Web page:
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J Physiol. 2001 Jun 15;533(Pt 3):681-95.

Contribution of potential EF hand motifs to the calcium-dependent gating of a mouse brain large conductance, calcium-sensitive K(+) channel.

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Department of Pharmacology and Therapeutics, Faculty of Medicine, University of Calgary, Calgary, Alberta, Canada.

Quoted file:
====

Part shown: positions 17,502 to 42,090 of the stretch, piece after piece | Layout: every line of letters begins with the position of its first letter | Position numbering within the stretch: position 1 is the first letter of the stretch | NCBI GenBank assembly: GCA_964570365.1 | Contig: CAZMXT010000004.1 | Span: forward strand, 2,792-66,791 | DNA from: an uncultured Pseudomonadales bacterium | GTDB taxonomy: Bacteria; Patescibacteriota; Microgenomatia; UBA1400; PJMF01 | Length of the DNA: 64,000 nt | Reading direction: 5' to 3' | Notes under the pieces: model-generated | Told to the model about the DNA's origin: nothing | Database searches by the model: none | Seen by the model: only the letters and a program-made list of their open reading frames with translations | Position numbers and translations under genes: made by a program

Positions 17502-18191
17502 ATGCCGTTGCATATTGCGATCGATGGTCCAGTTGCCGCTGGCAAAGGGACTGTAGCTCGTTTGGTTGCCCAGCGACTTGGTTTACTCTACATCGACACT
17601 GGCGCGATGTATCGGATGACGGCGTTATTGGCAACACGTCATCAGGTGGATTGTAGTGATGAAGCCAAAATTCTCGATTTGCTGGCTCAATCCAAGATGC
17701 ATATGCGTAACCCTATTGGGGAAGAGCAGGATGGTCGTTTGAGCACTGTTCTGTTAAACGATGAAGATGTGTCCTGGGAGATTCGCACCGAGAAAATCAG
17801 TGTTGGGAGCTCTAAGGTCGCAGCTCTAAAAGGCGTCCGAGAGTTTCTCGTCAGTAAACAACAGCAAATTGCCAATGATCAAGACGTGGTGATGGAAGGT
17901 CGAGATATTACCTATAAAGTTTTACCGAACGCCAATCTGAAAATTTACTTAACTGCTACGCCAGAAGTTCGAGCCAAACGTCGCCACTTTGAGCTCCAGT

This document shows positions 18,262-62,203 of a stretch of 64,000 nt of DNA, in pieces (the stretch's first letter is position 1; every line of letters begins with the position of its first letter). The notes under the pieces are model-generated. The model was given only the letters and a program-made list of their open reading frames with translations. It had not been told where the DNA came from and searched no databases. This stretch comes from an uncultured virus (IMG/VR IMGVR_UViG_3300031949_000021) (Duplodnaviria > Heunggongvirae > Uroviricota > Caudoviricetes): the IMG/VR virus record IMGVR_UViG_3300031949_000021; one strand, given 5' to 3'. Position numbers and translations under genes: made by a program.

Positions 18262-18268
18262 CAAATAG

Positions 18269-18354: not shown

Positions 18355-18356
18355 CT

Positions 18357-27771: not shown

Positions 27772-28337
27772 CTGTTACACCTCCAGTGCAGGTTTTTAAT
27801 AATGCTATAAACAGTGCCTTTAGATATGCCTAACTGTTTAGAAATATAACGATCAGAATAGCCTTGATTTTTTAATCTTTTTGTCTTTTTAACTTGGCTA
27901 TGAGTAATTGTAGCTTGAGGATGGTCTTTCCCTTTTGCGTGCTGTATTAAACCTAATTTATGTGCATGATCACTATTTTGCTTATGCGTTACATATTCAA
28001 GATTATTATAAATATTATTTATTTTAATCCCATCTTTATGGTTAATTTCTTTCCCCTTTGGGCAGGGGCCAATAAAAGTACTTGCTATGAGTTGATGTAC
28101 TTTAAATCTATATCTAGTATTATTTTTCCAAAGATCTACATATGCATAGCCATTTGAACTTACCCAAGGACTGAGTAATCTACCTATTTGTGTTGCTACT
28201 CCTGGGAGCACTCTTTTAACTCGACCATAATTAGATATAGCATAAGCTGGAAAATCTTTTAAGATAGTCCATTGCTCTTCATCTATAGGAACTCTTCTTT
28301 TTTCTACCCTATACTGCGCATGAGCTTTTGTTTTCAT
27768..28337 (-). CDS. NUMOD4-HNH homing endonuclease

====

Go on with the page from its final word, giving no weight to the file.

1. The large conductance, calcium-sensitive K(+) channel (BK(Ca) channel) is a unique member of the K(+)-selective ion channel family in that activation is dependent upon both direct calcium binding and membrane depolarization. Calcium binding acts to dynamically shift voltage-dependent gating in a negative or left-ward direction, thereby adjusting channel opening to changes in cellular membrane potential. 2. We hypothesized that the intrinsic calcium-binding site within the BK(Ca) channel alpha subunit may contain an EF hand motif, the most common, naturally occurring calcium binding structure. Following identification of six potential sites, we introduced a single amino acid substitution (D/E to N/Q or A) at the equivalent of the -z position of a bona fide EF hand that would be predicted to lower calcium binding affinity at each of the six sites. 3. Using macroscopic current recordings of wild-type and mutant BK(Ca) channels in excised inside-out membrane patches from HEK 293 cells, we observed that a single point mutation in the C-terminus (Site 6, FLD(923)QD to N), adjacent to the 'calcium bowl' described by Salkoff and colleagues, shifted calcium-sensitive gating right-ward by 50--65 mV over the range of 2--12 microM free calcium, but had little effect on voltage-dependent gating in the absence of calcium. Combining this mutation at Site 6 with a similar mutation at Site 1 (PVD(81)EK to N) in the N-terminus produced a greater shift (70--90 mV) in calcium-sensitive gating over the same range of calcium. We calculated that these combined mutations decreased the apparent calcium binding affinity approximately 11-fold (129.5 microM vs. 11.3 microm) compared to the wild-type channel. 4. We further observed that a bacterially expressed protein encompassing Site 6 of the BK(Ca) channel C-terminus and bovine brain calmodulin were both able to directly bind (45)Ca(2+) following denaturation and polyacrylamide gel electrophoresis (e.g. SDS-PAGE). 5. Our results suggest that two regions within the mammalian BK(Ca) channel alpha subunit, with sequence similarities to an EF hand motif, functionally contribute to the calcium-sensitive gating of this channel.

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